As drivers in West Virginia may be aware, commercial truck accidents often lead to fatalities. Unfortunately, the number of such fatal crashes seems to be increasing. The newest data drill-down report from the Federal Motor Carrier Safety Administration has revealed a 3 percent increase in fatal truck crashes in 2016. There were 4,213 trucks involved in fatal crashes that year, compared to 4,074 trucks the year before.
The number of fatalities rose from 4,094 to 4,317 in addition to an increase in the number of large-truck occupants who died, from 665 to 772. According to the FMCSA, 61 percent of the accidents occurred in rural areas and 27 percent on interstate highways. A third took place between 6 p.m. and 6 a.m. when drowsiness and poor visibility are frequent issues. Most fatal and non-fatal crashes involving trucks arose on the weekdays.
About 73 percent of fatal truck crashes had for their "pre-crash event" some other vehicle, person, animal or object that was in the same lane or approaching it. The number one cause of crashes was speeding, either on the trucker's part or the other driver's. The second most common cause was distracted driving. Only 2 percent of truck drivers had a blood alcohol content above the legal limit of .08. On the other hand, over 20 percent of the passenger vehicle drivers involved had a BAC above .08.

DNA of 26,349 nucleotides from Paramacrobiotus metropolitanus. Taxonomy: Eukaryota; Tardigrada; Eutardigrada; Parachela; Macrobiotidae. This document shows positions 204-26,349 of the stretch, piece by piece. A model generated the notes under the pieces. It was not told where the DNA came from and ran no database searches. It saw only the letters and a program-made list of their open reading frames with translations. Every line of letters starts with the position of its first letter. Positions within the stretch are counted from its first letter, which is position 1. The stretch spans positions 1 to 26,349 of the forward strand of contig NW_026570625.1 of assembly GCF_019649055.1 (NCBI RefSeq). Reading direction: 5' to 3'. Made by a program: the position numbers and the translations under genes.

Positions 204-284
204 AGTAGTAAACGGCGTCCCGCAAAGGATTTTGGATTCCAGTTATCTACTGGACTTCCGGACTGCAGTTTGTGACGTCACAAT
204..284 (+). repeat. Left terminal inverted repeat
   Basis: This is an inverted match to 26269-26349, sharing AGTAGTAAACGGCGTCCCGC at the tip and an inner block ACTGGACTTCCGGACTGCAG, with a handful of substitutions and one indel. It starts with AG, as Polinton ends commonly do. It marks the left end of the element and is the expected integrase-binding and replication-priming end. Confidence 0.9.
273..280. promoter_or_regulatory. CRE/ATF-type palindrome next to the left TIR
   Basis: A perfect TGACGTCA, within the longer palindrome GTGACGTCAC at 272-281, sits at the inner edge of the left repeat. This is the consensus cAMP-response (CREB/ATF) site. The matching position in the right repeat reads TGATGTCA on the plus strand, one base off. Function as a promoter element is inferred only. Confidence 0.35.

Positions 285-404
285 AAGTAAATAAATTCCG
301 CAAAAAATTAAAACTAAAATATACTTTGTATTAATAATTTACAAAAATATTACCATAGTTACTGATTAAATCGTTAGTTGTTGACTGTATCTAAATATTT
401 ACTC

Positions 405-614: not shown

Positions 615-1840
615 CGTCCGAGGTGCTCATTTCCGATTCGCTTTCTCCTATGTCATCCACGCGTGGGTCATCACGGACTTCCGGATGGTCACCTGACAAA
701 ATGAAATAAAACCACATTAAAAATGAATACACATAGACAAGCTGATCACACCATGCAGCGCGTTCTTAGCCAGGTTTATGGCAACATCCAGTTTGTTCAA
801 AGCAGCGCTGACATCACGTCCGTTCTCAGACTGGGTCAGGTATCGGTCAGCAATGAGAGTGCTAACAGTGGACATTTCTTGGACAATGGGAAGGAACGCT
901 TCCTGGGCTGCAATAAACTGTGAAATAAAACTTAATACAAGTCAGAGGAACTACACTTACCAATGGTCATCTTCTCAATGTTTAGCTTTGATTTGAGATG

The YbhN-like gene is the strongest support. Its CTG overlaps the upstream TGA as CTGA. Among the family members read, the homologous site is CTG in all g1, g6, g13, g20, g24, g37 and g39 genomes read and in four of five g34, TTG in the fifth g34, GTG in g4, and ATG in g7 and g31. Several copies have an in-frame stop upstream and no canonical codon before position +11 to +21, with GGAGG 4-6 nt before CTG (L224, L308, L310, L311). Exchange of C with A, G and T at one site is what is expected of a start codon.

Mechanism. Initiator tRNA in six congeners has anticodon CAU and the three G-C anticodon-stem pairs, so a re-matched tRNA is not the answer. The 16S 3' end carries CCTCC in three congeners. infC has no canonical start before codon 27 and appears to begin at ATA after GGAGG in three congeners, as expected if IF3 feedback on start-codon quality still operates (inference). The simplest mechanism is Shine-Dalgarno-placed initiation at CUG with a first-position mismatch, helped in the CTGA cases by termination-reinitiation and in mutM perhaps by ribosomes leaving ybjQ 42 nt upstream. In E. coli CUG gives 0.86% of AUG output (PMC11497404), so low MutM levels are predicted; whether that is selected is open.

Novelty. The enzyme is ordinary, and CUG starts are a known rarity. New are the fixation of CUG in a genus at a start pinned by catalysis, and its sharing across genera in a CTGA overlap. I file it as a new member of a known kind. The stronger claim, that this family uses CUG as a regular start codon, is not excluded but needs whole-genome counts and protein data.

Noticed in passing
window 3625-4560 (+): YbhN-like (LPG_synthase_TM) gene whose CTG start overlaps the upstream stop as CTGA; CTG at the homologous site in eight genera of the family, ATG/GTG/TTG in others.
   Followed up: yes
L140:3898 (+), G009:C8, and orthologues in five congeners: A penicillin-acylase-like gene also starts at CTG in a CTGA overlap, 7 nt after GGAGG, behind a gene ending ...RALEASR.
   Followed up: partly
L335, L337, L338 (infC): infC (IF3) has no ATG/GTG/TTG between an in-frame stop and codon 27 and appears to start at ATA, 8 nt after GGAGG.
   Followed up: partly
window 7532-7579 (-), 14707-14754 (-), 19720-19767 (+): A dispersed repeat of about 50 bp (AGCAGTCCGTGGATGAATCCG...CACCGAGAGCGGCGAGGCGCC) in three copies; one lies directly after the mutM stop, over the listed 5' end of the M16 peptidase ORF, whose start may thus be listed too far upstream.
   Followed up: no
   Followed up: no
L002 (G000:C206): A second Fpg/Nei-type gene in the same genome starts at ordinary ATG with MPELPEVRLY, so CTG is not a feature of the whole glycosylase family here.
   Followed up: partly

Speeding and drowsiness on the trucker's part can sometimes be taken as reflections of trucking company negligence. Perhaps the trucker was encouraged to work over the allotted hours of service, for example. Truck accident victims, if they intend to file a claim, may want a lawyer to help them build up the case. Lawyers might bring in experts to find proof of such negligence, which could include work logs and in-cab cameras, before attempting to negotiate for a settlement on the client's behalf.